When Copper River salmon was in season, Mike and I decided to stockpile it. We bought fillets four at a time, and for each two we ate fresh, we chucked two in the freezer for later use. It was a good strategy, ensuring that we’d have a supply of our favorite salmon to get us through until next season, but now that I need to make room in the freezer for stocks, tomato sauce and blanched summer veggies, the salmon has to go. Not all at once, of course, but we do need to start working through it.
I pulled a couple of fillets out of the freezer to thaw, and I spent the better part of yesterday trying to decide how to prepare them. It’s getting dark so early these days that grilling them was out of the question, and my other standard salmon preparations (pan-seared over lentils, or packet-cooked with tomato, olives and capers) weren’t sending me.
I did a search on foodandwine.com for inspiration, as I often do, and came across a photo of these gorgeous little nests of crispy potato, topped with smoked salmon, crème fraiche and chives. Though our salmon wasn’t smoked, the combination of flavors sounded delicious; Mike agreed and so I decided to try my hand at potato-crusted salmon. But I was nervous. Intimidated. Previous attempts at crusting anything have yielded less than stellar results, but I couldn’t get the idea out of my head, and I thought if it worked, it would be amazing. I had to take the risk.
When I got home I pulled the salmon out, patted it dry and seasoned it on both sides with kosher salt. I set it back in the fridge and got to work on the potato crust, peeling and grating two medium-ish Kennebec potatoes on the course holes of a box grater, and seasoning the mixture with salt and pepper. I wanted to give the potato a little more kick, so I decided to add three generous spoonfuls of Wheelhouse horseradish to the mix. I pulled my salmon out of the fridge and pressed the mixture into the flesh and sides of the fillets, then put them back in the fridge to firm up a bit.
After about 20 minutes, I preheated my oven to 400, got a thin layer of olive oil warming in the cast iron skillet, and opened the fridge to retrieve the salmon fillets. And they looked wet. Really, really wet. The moisture in the potatoes had leeched out forming a soggy puddle around the salmon, and I was a little freaked out, but we had to eat. I pressed forward, placing my hand over the fillets to keep them on the platter and tipping the excess liquid out into the sink. And then it was show time.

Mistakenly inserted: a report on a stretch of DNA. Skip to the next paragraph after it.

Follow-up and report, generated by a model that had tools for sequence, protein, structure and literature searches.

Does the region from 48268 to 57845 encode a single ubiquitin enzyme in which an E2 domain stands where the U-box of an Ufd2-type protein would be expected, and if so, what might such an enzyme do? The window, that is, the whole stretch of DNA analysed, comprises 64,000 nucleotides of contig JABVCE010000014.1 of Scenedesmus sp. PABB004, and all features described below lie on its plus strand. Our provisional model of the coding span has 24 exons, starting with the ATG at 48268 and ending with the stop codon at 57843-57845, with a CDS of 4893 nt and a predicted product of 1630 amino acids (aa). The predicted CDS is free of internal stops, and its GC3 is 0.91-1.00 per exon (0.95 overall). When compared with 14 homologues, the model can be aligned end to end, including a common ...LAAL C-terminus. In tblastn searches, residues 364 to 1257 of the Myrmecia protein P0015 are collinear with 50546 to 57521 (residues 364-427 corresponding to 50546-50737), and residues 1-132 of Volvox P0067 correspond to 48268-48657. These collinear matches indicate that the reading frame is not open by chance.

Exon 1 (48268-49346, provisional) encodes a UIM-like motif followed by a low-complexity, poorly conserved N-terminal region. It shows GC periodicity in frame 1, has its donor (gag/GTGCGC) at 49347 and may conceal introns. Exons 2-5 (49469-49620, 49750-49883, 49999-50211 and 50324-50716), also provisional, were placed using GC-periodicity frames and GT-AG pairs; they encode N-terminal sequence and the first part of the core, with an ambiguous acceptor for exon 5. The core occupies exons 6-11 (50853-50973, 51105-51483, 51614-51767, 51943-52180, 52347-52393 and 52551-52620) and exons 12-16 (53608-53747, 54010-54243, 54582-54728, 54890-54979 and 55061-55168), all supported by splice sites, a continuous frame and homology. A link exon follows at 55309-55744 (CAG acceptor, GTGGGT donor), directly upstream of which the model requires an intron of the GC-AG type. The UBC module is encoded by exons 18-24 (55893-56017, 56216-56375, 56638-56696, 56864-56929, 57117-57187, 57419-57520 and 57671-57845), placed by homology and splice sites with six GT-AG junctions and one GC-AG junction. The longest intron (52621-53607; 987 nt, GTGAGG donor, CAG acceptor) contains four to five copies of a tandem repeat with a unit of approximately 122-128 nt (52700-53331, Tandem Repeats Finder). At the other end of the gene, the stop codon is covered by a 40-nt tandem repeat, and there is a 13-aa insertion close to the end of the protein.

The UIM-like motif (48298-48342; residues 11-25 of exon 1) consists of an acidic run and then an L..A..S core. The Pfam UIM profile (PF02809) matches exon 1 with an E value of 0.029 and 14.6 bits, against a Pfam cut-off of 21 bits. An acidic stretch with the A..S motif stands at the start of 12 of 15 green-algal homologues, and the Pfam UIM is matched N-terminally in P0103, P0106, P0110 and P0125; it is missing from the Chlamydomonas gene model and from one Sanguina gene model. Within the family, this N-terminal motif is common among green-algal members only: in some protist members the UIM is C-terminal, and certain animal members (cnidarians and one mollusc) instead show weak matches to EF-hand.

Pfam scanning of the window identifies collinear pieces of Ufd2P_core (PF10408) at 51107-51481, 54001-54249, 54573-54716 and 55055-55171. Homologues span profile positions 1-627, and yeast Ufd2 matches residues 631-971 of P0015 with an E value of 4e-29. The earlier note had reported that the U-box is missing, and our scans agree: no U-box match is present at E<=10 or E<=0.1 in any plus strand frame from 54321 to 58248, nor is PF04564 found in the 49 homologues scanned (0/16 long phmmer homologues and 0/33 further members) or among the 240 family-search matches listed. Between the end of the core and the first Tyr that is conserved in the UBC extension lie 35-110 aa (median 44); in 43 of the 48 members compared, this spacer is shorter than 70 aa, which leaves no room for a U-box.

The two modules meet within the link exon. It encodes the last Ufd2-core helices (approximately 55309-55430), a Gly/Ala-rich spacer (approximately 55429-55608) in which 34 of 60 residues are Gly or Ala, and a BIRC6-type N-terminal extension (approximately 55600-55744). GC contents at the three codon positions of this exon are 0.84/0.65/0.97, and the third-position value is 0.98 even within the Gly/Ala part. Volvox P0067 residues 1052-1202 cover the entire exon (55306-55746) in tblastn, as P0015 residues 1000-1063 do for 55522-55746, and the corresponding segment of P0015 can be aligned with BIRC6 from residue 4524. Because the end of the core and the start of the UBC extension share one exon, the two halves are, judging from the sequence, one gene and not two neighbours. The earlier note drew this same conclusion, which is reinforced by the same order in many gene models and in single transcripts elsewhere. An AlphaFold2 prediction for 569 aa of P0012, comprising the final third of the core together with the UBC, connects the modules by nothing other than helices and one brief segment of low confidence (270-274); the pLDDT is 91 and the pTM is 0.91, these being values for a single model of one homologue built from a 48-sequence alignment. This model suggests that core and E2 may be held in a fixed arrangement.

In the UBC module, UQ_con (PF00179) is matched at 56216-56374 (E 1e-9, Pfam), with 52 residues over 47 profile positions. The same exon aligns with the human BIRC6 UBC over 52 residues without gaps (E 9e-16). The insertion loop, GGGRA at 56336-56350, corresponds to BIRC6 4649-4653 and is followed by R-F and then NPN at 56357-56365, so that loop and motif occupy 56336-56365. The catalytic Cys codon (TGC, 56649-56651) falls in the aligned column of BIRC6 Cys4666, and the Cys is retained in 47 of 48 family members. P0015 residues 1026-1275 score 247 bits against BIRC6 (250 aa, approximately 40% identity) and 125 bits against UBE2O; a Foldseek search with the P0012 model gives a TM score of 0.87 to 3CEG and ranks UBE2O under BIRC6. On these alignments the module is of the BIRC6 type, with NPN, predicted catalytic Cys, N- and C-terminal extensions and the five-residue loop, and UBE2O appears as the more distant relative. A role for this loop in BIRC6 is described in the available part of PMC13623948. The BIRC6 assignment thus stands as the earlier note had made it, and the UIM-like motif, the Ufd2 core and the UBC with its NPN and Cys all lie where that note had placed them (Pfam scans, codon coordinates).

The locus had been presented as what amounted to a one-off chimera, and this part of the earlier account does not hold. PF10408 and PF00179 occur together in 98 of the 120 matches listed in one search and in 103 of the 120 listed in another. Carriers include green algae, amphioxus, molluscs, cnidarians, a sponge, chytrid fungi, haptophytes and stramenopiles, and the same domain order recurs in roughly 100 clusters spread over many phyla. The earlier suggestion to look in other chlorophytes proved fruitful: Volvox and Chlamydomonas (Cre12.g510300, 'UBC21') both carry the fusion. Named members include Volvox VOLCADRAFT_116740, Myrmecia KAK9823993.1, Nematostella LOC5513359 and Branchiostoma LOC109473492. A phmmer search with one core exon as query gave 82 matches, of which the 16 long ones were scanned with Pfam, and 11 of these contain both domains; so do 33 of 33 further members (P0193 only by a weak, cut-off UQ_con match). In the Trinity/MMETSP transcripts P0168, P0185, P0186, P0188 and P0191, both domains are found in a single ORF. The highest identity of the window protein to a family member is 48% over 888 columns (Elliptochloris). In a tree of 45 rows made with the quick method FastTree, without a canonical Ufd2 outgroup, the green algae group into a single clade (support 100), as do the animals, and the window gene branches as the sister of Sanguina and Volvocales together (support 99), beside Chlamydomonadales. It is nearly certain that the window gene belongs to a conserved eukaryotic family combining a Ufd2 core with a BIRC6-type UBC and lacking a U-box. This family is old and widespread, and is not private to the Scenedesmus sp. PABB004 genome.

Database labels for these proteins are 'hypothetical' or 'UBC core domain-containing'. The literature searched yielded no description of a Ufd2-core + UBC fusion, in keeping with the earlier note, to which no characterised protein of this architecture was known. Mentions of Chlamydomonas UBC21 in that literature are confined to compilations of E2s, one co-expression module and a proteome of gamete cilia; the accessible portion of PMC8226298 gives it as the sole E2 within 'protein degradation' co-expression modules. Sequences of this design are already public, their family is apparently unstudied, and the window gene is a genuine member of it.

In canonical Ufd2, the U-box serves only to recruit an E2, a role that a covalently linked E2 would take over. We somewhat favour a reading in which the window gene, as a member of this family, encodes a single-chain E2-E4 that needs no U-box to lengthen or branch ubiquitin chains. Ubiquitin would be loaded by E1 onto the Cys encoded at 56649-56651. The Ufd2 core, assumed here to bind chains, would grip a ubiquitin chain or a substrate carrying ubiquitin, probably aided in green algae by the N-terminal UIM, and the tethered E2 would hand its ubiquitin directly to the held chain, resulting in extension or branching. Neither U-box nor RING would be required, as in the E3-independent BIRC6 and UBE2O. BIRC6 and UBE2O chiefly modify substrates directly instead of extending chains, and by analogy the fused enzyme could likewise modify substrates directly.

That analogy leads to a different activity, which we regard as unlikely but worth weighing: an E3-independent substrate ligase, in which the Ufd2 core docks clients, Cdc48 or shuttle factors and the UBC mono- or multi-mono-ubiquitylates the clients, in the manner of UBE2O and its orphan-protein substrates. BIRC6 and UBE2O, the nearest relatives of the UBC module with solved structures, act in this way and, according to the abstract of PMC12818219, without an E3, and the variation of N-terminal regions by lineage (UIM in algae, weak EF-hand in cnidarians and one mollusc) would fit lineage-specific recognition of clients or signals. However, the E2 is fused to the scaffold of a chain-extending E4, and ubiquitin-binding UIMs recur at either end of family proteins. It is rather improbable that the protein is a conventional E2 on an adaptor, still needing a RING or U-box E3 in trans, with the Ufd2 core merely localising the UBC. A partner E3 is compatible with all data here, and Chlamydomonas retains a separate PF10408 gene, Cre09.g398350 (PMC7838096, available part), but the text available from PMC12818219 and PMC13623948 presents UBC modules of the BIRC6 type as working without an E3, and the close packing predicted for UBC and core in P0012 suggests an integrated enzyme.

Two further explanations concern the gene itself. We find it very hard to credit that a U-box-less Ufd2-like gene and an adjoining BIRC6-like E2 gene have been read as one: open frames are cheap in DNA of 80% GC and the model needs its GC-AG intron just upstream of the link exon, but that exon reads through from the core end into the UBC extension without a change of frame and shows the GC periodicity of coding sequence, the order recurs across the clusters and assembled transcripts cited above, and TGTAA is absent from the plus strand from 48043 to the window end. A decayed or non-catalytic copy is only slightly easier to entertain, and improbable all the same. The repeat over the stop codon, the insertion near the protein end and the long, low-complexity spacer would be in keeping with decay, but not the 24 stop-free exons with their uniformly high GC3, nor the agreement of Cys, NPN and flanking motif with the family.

I gently lifted the first salmon fillet off of the platter. I had two fish spatulas in play, but I was having a hard time trying to figure out just how to gently get the fish off of the spatula and into the hot oil without losing the whole crust or splattering hot oil all over, so I ended up just taking it in my hands and gently flipping it into the pan, potato side down. It sizzled and popped, but it was in the pan and the crust appeared to be intact. I added the second fillet to the pan, stepped back, and waited.
When I saw that the edges of the crust looked nice and brown and crisp, I took one of the spatulas and tried to scoot it under the fish; every recipe I had seen online said to flip the fillets so the crust side was up before finishing them in the oven, but mine wouldn’t budge. Again, I felt a little wave of panic in my belly, but I decided to just place them in the oven as-is and see what happened. I let them bake in the oven for 5 minutes, then removed the skillet. I shimmied the spatula under the first fillet, and flipped. It was beautiful. I did the same with the second fillet, and I decided to place them back in the oven skin-side down for just a few minutes more to crisp up.
And just like that, the scariest part was over. I pulled it off. I was incredibly nervous that I wouldn’t, but I did, and those salmon fillets, moist inside and enveloped in a crisp potato exterior, were fabulous. I tend not to be a risk-taker in the kitchen or elsewhere, but this is one time I’m definitely glad I went for it.